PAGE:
No doubt, defenders of the police will say that they were "keeping order," but one also has the sense that the actions of the police helped to make things even more disorderly. On the other hand, the so-called "renegades" who are criticized by the government and larger organizations like the Red Cross, help bring order to the chaos. Writes Laurie Holloway in the Tennessean after her visit to crisis areas in Mississippi:

I'm telling you, without the churches, this disaster would be even worse, as hard as it is to believe that's possible. Donate if you will to the Red Cross or the Salvation Army, but know that the bureaucracy behind the big organizations is simply staggering. Without the people setting up the "renegade" food, clothing and supplies distribution centers, usually at churches, there would be many, many more deaths. Supplies are pouring into this area from all across the nation, huge truckloads of canned goods, water, medical stuff. They're being collected at these churches, and they're very organized about getting the supplies out to folks. I'm very impressed.

That is not the message the government wants you to hear. Remember, the "official" word on such private, mini-relief activities has been that they are "not helpful." But, remember that many of the most "helpful" people are those who have not carried weapons, but rather a strong commitment in their hearts to do whatever is necessary. Write the "refugee" EMTs:

We also suspect the media will have been inundated with "hero" images of the National Guard, the troops and the police struggling to help the "victims" of the Hurricane. What you will not see, but what we witnessed, were the real heroes and sheroes of the hurricane relief effort: the working class of New Orleans. The maintenance workers who used a fork lift to carry the sick and disabled. The engineers, who rigged, nurtured and kept the generators running. The electricians who improvised thick extension cords stretching over blocks to share the little electricity we had in order to free cars stuck on rooftop parking lots. Nurses who took over for mechanical ventilators and spent many hours on end manually forcing air into the lungs of unconscious patients to keep them alive. Doormen who rescued folks stuck in elevators. Refinery workers who broke into boat yards, "stealing" boats to rescue their neighbors clinging to their roofs in flood waters. Mechanics who helped hot-wire any car that could be found to ferry people out of the City. And the food service workers who scoured the commercial kitchens improvising communal meals for hundreds of those stranded.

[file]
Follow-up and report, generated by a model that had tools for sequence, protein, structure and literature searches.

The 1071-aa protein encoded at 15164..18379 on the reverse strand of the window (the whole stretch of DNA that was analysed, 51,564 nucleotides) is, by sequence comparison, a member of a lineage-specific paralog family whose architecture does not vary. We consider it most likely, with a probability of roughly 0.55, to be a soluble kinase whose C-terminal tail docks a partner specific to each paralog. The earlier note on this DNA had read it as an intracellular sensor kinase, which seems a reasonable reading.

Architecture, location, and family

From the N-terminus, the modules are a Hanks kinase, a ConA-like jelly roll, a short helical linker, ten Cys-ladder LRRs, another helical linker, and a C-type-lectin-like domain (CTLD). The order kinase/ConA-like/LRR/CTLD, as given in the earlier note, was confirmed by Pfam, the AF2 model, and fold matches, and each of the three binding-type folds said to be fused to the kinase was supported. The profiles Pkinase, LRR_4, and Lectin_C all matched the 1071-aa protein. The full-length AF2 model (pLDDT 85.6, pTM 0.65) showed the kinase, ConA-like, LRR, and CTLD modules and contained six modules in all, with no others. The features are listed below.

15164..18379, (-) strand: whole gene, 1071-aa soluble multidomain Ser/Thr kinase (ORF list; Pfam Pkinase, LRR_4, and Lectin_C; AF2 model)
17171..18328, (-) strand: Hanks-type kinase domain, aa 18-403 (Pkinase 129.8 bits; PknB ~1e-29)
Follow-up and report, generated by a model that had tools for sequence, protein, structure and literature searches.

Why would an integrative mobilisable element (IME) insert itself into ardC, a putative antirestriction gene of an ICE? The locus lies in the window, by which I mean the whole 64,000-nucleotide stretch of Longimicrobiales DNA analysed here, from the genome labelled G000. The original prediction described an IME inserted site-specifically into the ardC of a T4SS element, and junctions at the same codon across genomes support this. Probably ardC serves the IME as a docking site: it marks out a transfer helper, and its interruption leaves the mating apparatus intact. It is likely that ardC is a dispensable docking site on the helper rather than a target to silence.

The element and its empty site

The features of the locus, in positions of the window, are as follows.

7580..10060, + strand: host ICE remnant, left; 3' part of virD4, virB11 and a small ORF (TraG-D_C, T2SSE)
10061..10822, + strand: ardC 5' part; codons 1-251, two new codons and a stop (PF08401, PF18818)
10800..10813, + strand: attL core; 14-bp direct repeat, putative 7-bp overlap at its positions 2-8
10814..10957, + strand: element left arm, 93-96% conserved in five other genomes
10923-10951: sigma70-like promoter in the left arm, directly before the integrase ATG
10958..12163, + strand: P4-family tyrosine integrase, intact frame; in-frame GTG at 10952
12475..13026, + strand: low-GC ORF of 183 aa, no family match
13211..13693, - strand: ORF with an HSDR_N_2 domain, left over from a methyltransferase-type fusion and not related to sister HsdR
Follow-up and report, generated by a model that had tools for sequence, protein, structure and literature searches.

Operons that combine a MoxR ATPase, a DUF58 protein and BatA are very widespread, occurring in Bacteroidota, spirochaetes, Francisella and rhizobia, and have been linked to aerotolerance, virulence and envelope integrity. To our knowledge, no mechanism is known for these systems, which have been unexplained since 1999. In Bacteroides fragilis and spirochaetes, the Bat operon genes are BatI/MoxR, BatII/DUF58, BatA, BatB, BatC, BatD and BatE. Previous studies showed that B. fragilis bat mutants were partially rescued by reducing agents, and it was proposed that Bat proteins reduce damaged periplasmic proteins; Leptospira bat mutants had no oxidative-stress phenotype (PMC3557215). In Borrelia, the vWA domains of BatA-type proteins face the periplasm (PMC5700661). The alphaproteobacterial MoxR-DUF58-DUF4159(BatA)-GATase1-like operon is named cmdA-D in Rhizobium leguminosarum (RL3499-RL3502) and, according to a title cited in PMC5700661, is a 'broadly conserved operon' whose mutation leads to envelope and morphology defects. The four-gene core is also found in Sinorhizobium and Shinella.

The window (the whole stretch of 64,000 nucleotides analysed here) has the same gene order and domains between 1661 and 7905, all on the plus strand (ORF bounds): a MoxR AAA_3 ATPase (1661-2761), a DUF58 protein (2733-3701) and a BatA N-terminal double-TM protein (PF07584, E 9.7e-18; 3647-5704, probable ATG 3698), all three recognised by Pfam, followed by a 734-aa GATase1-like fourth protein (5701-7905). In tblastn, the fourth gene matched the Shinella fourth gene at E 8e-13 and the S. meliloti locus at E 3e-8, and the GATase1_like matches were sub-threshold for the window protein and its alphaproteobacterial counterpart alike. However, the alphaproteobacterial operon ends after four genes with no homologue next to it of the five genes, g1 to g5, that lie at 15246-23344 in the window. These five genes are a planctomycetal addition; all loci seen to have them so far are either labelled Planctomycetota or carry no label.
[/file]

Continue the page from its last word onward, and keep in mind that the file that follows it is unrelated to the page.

Most of these workers had lost their homes, and had not heard from members of their families, yet they stayed and provided the only infrastructure for the 20% of New Orleans that was not under water.

For those who maintain that the government "failed" its "mission," I must say that they are wrong. True, the government with its ham-fisted policies of blocking relief missions, imposing price controls, and acting in a dictatorial, but incompetent style, seems to have "failed" in making things better, especially in the days directly after the storm passed. But, if you understand that government is a mechanism by which some people impose their will by force over others, then you would have to admit that the government succeeded and succeeded beyond its own expectations.

Thus, I leave readers with this question: If you believe that the government "failed" in the aftermath of Katrina, will the government then have less or more "authority" when the next disaster strikes? I think all of us know the answer.

You can always expect government to behave exactly like government. When you consider your political position, consider whether this institution ought to be put in charge or disaster relief at all, or the economy, or society, foreign policy, health care, education, courts, the environment or anything at all. Katrina and its aftermath is only the latest exhibit in the ongoing historical documentary in favor of a government-free society.



William L. Anderson

William L. Anderson is a professor emeritus of economics at Frostburg State University in Frostburg, Maryland. He currently works as an editor for the Mises Institute.